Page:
But he insists that’s all it was: an act drummed up to personalize the star for potential fans.
“If it had come out at the beginning that she was filthy rich her entire life, nobody would have bought into her quite so much,” Cremer asserted, scorn clear in his voice. “That doesn’t sell as good. That she hired this 36-year-old, chubby bald guy to come over and give her lessons two days a week—a teenage girl doesn’t want to hear that.”
Cremer says he feels he’s not getting his due as Swift’s first teacher, and he’s fed up.
“I have no reason to lie for this,” he continued. “I can’t begrudge her success for a second, and I am proud of her. But just admit where it comes from.”
Of course, there’s another way to look at all this: What tween girl is going to divulge her personal torment to a 40-something guitar teacher she only sees a couple of hours a week? In what world would Cremer have found himself in a situation to pick up on the intimate life details of a 13-year-old?
There are also areas where the allegedly spurned guitar instructor’s timelines don’t quite line up. Cremer claims to “know a lot of girls Swift went to high school with,” and that she “was, in fact, one of the more popular kids.” Yet from her freshman year onward, she went to school in Hendersonville, Tennessee—nowhere near Cremer in Pennsylvania.
This isn’t to say there isn’t some merit to his story.
There is a clearly traceable connection between he and the family. From the platinum record hanging in his repair shop—a gift from the Swift’s that “showed up via FedEx” a while back—to photos of himself and Swift as a young, aspiring musician, to a $5000 guitar that he claims Swift’s father traded him for the old, beat-up one his daughter strummed her first chords on, there is no doubt he knew them.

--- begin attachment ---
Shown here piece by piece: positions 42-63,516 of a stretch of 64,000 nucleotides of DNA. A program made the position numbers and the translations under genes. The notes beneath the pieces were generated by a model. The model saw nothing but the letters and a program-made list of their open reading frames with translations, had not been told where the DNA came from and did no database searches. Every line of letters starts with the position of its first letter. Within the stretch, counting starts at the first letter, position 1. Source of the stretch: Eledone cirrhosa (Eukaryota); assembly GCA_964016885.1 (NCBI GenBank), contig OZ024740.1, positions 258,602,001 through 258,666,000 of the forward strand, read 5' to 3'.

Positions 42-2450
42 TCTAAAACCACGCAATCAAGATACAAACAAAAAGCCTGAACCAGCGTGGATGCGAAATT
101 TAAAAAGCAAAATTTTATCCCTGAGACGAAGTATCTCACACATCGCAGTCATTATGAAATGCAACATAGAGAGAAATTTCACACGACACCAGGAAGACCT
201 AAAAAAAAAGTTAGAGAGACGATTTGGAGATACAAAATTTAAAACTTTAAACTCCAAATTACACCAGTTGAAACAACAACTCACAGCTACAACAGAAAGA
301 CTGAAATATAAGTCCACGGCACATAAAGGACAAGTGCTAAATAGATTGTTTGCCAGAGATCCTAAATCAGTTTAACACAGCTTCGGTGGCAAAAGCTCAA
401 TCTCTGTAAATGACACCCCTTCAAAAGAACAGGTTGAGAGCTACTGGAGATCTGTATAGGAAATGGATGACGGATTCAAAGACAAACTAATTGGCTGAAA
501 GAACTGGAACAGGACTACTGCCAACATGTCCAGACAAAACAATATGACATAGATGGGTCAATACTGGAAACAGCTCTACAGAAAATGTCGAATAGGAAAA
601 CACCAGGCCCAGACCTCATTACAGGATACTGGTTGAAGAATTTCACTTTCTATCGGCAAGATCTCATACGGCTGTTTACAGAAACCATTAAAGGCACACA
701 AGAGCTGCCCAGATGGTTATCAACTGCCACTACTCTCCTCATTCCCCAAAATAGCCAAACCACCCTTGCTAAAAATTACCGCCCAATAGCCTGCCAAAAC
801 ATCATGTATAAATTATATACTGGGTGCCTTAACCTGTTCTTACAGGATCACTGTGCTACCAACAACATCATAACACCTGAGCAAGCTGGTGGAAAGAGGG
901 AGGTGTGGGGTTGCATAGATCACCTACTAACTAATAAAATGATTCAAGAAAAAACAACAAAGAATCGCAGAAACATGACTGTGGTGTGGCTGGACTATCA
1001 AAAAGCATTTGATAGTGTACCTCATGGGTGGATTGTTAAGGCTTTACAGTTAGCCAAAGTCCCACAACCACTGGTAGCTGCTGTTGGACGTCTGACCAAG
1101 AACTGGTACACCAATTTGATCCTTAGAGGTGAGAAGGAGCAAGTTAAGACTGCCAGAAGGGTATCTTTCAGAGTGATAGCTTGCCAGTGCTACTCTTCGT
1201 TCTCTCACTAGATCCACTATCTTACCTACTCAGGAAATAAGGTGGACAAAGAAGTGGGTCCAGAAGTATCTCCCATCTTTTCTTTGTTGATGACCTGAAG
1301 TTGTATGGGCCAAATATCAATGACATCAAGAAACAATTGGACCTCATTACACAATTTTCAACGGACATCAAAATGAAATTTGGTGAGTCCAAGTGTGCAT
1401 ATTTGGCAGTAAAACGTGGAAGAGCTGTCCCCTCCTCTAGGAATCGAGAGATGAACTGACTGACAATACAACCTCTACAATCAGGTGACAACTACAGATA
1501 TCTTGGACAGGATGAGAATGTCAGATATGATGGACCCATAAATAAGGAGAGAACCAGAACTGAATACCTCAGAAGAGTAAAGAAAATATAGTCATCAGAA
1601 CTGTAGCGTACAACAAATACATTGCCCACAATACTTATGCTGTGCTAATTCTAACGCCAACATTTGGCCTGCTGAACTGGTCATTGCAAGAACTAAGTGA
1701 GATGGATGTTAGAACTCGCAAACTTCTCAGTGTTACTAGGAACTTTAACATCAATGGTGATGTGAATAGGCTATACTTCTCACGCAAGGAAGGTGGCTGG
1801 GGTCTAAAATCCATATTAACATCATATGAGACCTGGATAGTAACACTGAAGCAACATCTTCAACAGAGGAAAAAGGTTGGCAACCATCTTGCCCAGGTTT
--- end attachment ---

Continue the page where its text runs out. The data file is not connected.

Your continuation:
But there is also no sign that they were ever anything but overly gracious to a man who—for a couple hours a week for a couple years—taught their teenage daughter some guitar and helped her record a demo.
So why wait until now to attempt to dispel the legend Cremer feels Swift and her team have built up?
To his credit, Cremer didn’t seek out the New York Daily News, or any other press. They tracked him down, surprising him at his shop with a reporter.
Now he just wants peace of mind from a supposed snub he says has been festering inside him.
“I look like a liar,” Cremer says. “I have a four-year-old son, and someday he’s going to hear about all of this, and I want him to know that I’m honest.”
Rather than looking for a payout to go away, which Cremer insists he would never accept, he says there’s a much simpler solution—for Taylor to acknowledge that what he says it true. Come clean to the world about his role in the creation of one of the biggest pop stars of all time.
But isn’t a platinum record and high-end guitar clear enough acknowledgement of this role? What more validation could he possibly need?
This begs another question: How much of a role did he really have? The Daily News story found other guitar teachers who say they worked with Swift. Does showing her a few chord progressions amount to a stake in her ultimate success?
Seven days have passed since he was threatened by TAS Rights Management. Cremer still has the site, and he currently has it redirecting to his Daily News article.
Neither TAS nor Swift’s 13 Management Company would comment on the record for this story.
Of course, admitting that her roots lay in the calculated machinations of a wealthy family looking to breed a star could potentially cost Swift and company a lot more than all the counterfeit ETSY crafts in the world: It could cost them their credibility.
Luckily for them, it’s ultimately not Swift’s credibility that is in question with all of this.